China moves to phase out single-use plastics

single-use plastics

China is stepping up restrictions on the production, sale and consumption of single-use plastic products, as it seeks to tackle one of the country’s biggest environmental problems.

Key points:

Plastic bags will be banned across all cities and towns by 2022, with markets selling fresh produce exempt until 2025
Other items such as plastic utensils from takeaway food outlets will also be phased out
By 2025, Chinese restaurants will reduce their consumption of single-use plastic items by 30 per cent
The National Development and Reform Commission and the Ministry of Ecology and Environment issued a new policy on Sunday (local time) which will be implemented over the next five years.

The state planner said plastic bags would be banned in all of China’s major cities by the end of 2020 and banned in all cities and towns in 2022.

Markets selling fresh produce will be exempt from the ban until 2025.

China is one of the world’s biggest users of plastic, with vast amounts of untreated plastic waste buried in landfill or dumped in rivers.

Other items, such as plastic utensils from takeaway food outlets and plastic courier packages, will also be phased out.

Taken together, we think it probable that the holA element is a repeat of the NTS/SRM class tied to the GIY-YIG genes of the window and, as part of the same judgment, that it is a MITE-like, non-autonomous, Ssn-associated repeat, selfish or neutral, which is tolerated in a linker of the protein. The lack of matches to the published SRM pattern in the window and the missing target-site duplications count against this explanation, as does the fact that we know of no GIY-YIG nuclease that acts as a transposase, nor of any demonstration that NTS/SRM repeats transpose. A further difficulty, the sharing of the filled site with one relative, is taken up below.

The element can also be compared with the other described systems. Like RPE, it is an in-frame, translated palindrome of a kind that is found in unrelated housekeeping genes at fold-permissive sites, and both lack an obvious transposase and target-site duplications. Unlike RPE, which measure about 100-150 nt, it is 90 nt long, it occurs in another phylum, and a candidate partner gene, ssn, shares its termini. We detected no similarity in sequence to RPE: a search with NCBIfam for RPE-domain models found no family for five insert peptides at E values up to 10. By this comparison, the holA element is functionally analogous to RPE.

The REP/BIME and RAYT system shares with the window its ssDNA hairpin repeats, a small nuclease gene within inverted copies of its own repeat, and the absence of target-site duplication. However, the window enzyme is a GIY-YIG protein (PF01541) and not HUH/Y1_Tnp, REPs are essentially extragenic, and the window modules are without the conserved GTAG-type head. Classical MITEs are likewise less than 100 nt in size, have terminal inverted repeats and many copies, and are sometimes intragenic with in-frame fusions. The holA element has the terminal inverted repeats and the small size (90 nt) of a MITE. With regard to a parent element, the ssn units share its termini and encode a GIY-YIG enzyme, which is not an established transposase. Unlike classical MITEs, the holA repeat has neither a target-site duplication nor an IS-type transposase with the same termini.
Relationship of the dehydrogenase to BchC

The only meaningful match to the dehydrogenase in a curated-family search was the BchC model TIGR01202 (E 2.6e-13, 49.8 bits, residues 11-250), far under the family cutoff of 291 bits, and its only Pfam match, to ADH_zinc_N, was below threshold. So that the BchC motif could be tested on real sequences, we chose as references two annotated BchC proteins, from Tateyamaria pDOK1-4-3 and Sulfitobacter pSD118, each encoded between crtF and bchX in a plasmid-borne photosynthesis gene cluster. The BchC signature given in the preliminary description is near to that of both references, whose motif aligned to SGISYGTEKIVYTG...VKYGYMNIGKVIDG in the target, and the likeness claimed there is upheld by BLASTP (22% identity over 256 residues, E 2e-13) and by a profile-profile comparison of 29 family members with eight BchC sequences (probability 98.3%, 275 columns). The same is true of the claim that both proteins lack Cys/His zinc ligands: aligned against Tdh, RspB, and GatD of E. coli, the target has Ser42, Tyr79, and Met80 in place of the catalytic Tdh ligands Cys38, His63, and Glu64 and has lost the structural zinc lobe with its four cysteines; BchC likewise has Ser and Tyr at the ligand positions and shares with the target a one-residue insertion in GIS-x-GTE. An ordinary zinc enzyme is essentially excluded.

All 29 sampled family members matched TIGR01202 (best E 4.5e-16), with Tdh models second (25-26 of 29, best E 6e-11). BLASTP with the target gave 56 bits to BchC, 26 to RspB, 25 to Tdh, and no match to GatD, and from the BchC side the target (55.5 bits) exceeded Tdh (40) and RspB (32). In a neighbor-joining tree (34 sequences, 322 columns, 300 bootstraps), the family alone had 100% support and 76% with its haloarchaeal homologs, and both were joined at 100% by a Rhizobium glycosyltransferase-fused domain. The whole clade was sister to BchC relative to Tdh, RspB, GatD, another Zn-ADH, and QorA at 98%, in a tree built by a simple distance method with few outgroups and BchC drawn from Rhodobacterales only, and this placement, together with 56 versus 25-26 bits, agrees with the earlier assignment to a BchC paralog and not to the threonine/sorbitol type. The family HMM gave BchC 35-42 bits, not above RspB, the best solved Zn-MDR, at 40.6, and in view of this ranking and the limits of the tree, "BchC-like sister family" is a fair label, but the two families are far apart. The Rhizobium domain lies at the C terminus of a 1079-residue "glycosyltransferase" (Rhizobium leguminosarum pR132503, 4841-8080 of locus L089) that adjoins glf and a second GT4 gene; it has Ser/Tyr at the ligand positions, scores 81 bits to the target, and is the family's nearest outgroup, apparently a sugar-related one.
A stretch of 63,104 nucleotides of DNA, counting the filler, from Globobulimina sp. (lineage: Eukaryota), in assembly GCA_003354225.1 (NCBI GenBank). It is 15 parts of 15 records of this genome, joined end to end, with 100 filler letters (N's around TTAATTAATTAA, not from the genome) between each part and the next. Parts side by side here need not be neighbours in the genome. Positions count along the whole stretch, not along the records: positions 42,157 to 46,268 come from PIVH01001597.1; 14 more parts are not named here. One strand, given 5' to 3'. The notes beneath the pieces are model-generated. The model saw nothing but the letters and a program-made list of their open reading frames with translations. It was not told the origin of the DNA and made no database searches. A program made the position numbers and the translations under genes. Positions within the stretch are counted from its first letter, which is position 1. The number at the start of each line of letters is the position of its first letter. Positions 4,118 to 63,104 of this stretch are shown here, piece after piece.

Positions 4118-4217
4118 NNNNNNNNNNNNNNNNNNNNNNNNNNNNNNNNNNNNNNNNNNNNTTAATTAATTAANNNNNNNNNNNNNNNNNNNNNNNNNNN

By end of 2020, the restaurant industry will be banned from using single-use straws.

By 2025, towns and cities across China must reduce the consumption of single-use plastic items in the restaurant industry by 30 per cent.

Some regions and sectors will also face restrictions on the production and sale of plastic products, although it is not yet clear which geographical areas.

China also banned the importation of all plastic waste, and the use of medical plastic waste in the production of plastic.

The production and sale of plastic bags less than 0.025mm thick will also be banned, as will plastic film less than 0.01mm thick for agricultural use.

The United Nations has identified single-use plastics as one of the world’s biggest environmental challenges.

China is already boosting recycling rates and is building dozens of “comprehensive resource utilization” bases to ensure more products are reused as part of its war on waste.

Source : Reuters/ABC

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